The order sat on her desk, waiting to be signed into law. This could cost me my second term, she thought. But then, half of the other bills that had passed across her desk had been equally likely to result in a one-term presidency: health care, military funding, tax reform.
Today it was immigration, and this one she wrestled with. The world is a dangerous place. In case the American people hadn’t noticed that, the speaker of the house was explaining it on television, reminding everyone of the possibility of terrorist attacks as though they had forgotten. She didn’t need to watch it to know what he was saying. Besides, that’s what aides were for.
She twirled the smooth wood-barreled pen in her hand, rubbing her fingers across the cool cherry. Her father had hand made that pen and given it to her as a gift when she won her very first election to the state legislature all those years ago. She had replaced the ink many times. It had gone with her everywhere she went, reminding her of where she came from. It had done that job well, and it was doing so again now.
Deny all refugee applications for the next five years, it said. How could both the House and then Senate have passed this? Well, it wasn’t too hard to see, really. People were afraid, and scared people lash out or close ranks. Last year’s bombings had been one-offs, proving the theoretical sleeper-cell spectre was, in fact, a reality. The crashing buildings, mangled people, and dust-covered rescues had been replaying constantly since last June. People were afraid.
The world is a dangerous place. She had grown up hearing this from her own parents, but for them it meant something entirely different. The danger wasn’t coming to into their homes and lives and country. It was already there, shooting their men, raping their women, starving their children until only death remained, until the peril had overwhelmed them and everything became subservient to one purpose: escape. They would have done anything. Anything at all. Something, anything, anywhere, from anyone – death unknown became preferable to death certain.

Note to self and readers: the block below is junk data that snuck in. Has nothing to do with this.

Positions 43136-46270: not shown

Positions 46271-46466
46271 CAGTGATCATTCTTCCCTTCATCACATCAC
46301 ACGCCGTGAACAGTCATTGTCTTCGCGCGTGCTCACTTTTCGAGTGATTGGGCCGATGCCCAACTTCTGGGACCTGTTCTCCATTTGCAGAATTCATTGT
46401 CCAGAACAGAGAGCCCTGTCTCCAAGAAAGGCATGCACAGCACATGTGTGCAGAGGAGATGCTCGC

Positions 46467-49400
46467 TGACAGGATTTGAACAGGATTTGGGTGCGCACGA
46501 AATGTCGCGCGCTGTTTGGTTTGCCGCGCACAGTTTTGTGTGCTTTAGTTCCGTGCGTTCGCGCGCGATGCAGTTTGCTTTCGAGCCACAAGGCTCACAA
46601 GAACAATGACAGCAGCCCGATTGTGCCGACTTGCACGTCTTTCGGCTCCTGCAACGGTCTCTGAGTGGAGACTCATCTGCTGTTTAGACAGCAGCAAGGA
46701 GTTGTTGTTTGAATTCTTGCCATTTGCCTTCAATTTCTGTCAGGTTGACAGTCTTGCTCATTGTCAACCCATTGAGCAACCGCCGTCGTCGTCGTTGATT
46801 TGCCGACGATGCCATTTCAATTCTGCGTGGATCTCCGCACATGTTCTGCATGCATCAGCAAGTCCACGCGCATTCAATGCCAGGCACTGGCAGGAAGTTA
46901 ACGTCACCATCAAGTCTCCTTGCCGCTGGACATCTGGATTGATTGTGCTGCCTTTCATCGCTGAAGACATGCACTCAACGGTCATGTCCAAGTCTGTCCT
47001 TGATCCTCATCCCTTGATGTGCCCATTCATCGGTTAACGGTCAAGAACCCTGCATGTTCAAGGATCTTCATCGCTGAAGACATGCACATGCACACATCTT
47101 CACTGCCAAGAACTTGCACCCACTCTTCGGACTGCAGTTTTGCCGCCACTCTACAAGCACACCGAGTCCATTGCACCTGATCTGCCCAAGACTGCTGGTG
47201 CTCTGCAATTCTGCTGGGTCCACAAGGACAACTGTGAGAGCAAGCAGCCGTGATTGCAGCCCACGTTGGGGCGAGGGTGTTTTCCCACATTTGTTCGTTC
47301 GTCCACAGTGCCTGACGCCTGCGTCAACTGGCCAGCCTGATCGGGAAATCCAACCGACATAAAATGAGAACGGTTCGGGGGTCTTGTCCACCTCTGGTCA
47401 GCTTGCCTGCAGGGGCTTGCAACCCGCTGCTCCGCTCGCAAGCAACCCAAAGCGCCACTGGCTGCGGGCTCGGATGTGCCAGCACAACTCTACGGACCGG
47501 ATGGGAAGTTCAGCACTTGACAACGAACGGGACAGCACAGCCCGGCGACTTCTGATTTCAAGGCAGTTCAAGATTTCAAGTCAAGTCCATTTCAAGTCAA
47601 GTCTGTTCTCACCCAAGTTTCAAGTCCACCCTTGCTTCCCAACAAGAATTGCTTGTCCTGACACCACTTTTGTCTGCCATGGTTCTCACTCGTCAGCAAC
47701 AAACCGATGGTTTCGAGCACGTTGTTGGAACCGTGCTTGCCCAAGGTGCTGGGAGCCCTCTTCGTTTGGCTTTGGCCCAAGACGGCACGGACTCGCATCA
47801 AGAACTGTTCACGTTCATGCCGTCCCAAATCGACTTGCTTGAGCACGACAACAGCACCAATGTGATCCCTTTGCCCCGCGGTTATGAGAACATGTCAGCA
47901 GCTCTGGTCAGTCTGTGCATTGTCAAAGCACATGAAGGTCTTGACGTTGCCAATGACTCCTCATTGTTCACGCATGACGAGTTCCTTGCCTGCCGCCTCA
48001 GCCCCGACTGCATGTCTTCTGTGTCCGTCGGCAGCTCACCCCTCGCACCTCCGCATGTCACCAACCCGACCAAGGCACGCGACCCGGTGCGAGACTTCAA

When she was young, her parents hadn’t talked about the refugee camp they spent nine years in before they finally made it to the United States where she was born; but as she grew older and her parents accumulated some money, they began to return every couple of years to the camp to visit. Aunts, uncles, cousins – all stuck there for years and decades, trailing on.
Their relatives planned camp weddings to other refugees around her family’s visits. Her mother visited her older brother’s grave when they returned. He had been born there and died there. An entire, short life lived in squalor, disease, and uncertainty. He was six. There were no photos, but Maman said he was beautiful.
The world is a dangerous place. It was true, of course. But how could she sign her own name to a document that would damn people, people like her own parents, back to the hell they were trying to flee? How could she not sign something that might protect people, the very people who had taken her family in and given them a life, from having their own lives turned into that same hell?
Both houses of Congress had already passed the bill. It would become law whether she signed or not, and from there the courts would have to decide what to do with it. She could just do nothing.
She dropped her pen on the burnished, Resolute desk and looked around the room. Her room. Her office. Abraham Lincoln eyed her from the far wall, reminding her that human suffering was always worth fighting for even if the cost isn’t just your presidency but your life.
The portrait of the earth rise taken from the Apollo 8 mission spoke to her of world reborn with every new day. What would that world look like? What did she want it to look like? What could she do to move it along toward that vision?
She picked up the snapshot of her parents beside her on the desk, smiling but separated from her behind glass and gilt. She wished, as she often did, that they were here to talk things over with. Six years now had passed since the car accident, but the loss never really went away.
It wasn’t so much the loss of her past, though she did still find herself thinking of things she wished she had asked them. No, it was the loss of the future that still pained her. What would they say about this bill? What would her mother think if she denied safety to desperate people? What would her father say if she denied the protection of safety to those who already had it?
And that was really it. How could she turn away people dying at her door, begging to be let in?
“Send in Gerald,” she buzzed to the secretary in the outer office. She needed her Chief of Staff to arrange a press conference of her own. She was not going to sign this bill. She was going to take a trip, a tour of the three camps worldwide that generate the most refugee applications.
The world is a dangerous place. And in many places, home is infinitely more dangerous than home is here. We have resources. We can protect both ourselves and those who come to us in need, and we will. It needn’t be either/or, nor should it be.
That was her new world – both protection and kindness. Safety with generosity. She looked again at her parents, her earth rise, her Lincoln, and what she saw was herself, the child of two worlds, uniter of peoples. From the corner, Lincoln watched.